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List of Different Hindi Language Dialects (+Map)

Within any language or language group there may be significant changes in speech, vocabulary, and pronunciation. The term used to describe these changes is called a dialect. Some words or phrases that exist in one dialect may exist or be absent from different dialect. The most common dialect in the Hindi language is the Khariboli Dialect. Khariboli is recognized as the standard Hindi dialects.

Hindi Dialects Map

  • Khariboli Hindi – Which is spoken in Western Uttar Pradesh. Considered to be the Official Dialect of Hindi.
  • Bambaiya Hindi – A slang form of Hindi-Urdu which is spoken primarily in Bombay (Mumbai).
  • Brajbhasa Hindi – spoken in the region of Braj.
  • Kanauji Hindi –
  • Bundeli Hindi –
  • Bagheli Hindi –
  • Chhattisgarhi Hindi –
  • Hariyanvi Hindi –
  • Bhaya Hindi –
  • Chamari Hindi –
  • Ghera Gowli Hindi –

Different Hindi dialects of the Hindi language are spoken in many different nations and regions around the world, most commonly throughout Southern Asia. However, the differences in regional dialects may not make one Hindi speaker nearly incomprehensible to another. In most cases, the different Hindi dialects don’t have a specific written form of the language, but there’s usually a certain amount of literature that accompanies each Hindi dialects.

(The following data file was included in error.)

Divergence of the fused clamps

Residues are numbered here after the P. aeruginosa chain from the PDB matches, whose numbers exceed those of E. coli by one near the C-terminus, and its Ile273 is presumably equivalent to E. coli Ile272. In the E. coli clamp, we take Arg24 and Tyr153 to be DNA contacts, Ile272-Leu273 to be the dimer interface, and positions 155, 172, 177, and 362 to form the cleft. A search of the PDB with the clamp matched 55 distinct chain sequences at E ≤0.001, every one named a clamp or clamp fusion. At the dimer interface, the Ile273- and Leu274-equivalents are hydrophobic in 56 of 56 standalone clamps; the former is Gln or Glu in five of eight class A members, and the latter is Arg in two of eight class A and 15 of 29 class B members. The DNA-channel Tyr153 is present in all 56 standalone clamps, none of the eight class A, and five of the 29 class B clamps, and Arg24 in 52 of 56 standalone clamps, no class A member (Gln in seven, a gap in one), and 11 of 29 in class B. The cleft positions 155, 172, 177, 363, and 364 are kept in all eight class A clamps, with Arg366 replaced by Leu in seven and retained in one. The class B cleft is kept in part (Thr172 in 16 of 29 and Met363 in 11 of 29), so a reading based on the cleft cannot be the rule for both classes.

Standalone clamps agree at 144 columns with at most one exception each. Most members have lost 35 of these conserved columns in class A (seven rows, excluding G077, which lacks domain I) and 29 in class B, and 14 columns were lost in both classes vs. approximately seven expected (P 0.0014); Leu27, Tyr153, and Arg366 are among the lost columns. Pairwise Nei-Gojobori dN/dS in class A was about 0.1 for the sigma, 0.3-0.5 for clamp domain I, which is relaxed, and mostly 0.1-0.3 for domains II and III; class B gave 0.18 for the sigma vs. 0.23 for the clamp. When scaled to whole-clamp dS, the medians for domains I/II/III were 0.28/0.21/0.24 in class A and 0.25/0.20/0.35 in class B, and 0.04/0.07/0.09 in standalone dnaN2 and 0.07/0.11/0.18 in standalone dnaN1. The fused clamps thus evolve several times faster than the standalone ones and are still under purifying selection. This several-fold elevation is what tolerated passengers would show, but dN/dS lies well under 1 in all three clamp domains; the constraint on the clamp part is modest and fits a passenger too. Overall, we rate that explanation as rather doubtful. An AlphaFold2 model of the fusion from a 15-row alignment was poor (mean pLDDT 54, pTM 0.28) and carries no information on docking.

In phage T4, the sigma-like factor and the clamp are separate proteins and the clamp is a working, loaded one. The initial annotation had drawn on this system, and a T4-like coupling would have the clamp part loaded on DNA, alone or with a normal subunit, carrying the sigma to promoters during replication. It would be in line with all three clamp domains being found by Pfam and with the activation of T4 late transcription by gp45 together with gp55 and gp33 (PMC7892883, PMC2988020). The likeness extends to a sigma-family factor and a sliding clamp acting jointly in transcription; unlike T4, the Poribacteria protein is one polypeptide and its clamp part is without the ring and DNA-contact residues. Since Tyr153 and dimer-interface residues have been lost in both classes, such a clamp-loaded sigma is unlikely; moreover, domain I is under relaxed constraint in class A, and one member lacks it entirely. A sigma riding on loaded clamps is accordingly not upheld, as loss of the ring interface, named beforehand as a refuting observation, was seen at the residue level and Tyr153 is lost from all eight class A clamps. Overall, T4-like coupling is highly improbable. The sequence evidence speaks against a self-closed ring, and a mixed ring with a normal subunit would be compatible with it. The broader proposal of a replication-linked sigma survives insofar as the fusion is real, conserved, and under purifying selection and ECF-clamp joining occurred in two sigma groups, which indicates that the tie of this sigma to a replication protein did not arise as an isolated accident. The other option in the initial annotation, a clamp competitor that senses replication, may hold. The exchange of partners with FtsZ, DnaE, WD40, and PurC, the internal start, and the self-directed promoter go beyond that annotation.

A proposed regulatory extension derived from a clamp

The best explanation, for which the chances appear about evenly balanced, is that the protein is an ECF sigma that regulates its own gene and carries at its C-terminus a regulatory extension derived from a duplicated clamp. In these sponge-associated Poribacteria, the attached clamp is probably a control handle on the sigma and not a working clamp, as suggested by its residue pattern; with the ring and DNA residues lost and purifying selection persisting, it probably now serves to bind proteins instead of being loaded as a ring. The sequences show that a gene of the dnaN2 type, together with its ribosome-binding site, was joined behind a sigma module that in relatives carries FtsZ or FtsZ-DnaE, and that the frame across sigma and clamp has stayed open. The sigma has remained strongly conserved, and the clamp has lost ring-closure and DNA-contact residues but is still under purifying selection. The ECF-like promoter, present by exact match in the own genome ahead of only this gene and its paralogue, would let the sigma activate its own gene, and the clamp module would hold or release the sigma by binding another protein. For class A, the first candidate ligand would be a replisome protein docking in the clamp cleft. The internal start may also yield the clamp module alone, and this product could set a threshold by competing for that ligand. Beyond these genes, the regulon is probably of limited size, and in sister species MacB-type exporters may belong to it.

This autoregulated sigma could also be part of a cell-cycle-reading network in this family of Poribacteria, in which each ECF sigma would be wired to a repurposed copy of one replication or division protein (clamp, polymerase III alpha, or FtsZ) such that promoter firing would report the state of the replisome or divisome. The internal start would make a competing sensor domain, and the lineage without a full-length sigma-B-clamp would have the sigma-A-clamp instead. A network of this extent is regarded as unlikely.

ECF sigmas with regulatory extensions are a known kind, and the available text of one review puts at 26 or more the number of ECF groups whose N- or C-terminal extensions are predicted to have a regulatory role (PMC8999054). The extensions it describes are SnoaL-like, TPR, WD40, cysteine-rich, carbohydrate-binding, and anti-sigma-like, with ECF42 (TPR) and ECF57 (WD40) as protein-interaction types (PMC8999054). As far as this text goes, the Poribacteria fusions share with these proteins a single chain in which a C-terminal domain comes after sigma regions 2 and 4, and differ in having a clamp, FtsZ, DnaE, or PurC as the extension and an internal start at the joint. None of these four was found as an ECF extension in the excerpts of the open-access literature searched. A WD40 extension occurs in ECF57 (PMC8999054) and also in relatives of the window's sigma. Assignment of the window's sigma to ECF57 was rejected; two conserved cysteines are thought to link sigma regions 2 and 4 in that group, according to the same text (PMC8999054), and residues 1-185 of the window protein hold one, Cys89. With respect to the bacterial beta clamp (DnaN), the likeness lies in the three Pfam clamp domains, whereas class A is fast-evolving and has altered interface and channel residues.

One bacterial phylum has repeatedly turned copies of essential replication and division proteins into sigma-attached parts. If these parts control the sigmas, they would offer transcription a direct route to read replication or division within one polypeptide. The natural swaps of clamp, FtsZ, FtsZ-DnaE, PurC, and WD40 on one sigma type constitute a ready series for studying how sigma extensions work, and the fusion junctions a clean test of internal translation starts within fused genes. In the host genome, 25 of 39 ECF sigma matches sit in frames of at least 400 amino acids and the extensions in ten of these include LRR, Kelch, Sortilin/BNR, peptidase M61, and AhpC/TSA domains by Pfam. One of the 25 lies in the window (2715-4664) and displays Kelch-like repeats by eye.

Interested in further study into Hindi or confused on where to start? I recommend reading our Hindi Beginners Guide

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About Sally Morgan

My name is Sally Morgan, I'm American and currently a Language Teacher in New York State Schools for French and Spanish. I have studied Foreign Languages, translation and teaching at the Columbia University in New York. I lived for 3 years in Europe including France, UK and Italy.

I am a passionate linguist and love how speaking another language opens the doors of communication and therefore a whole world.

Please ask me any questions below

4 thoughts on “List of Different Hindi Language Dialects (+Map)”

  1. Madam,your are insulting Punjabi and Bengali languages in your map!these are not dialects if Hindi language.you should change map with new caption as related languages and dialects of hindi

  2. You map is inaccurate. The majority of the items on your list are actually entirely different languages, not dialects of Hindi. Please do not spread misinformation, especially on an “importance of language” website.

  3. The dialects mentioned above in the map are not part of Hindi rather different languages. This is incorrect info on the Hindi language.

  4. I tend to disagree with the rest of these comments to a certain degree. The difference between a “language” and a “dialect” is somewhat hard to pin down. Admittedly, languages like Sindhi, Bengali, Punjabi, Gujarati, and Assamese have a very distinct identity and cohesive literary traditions associated with them, but also, they are syntactically often “close-enough” to be grouped under an umbrella variety of “Hindustani”. However, I also have a certain sympathy toward these comments, because these distinctions have been reinforced over a period of time that there is little mutual intelligibility left between these variants (and I have my reasons to doubt that it ever existed). I am reminded of Max Weinrich’s quote: “A language is a dialect with an army and navy”. And in that respect, one cannot ignore the linguistic imperialism of Modern Standard Hindi that the speakers of such other languages have been subject to–perhaps it is right to preface such a graph with this kind of historical background. For context, I can speak Hindi/Urdu (which I consider the same language, really), Bengali, and Punjabi (the latter two, I have always personally thought to be distinct from the first).


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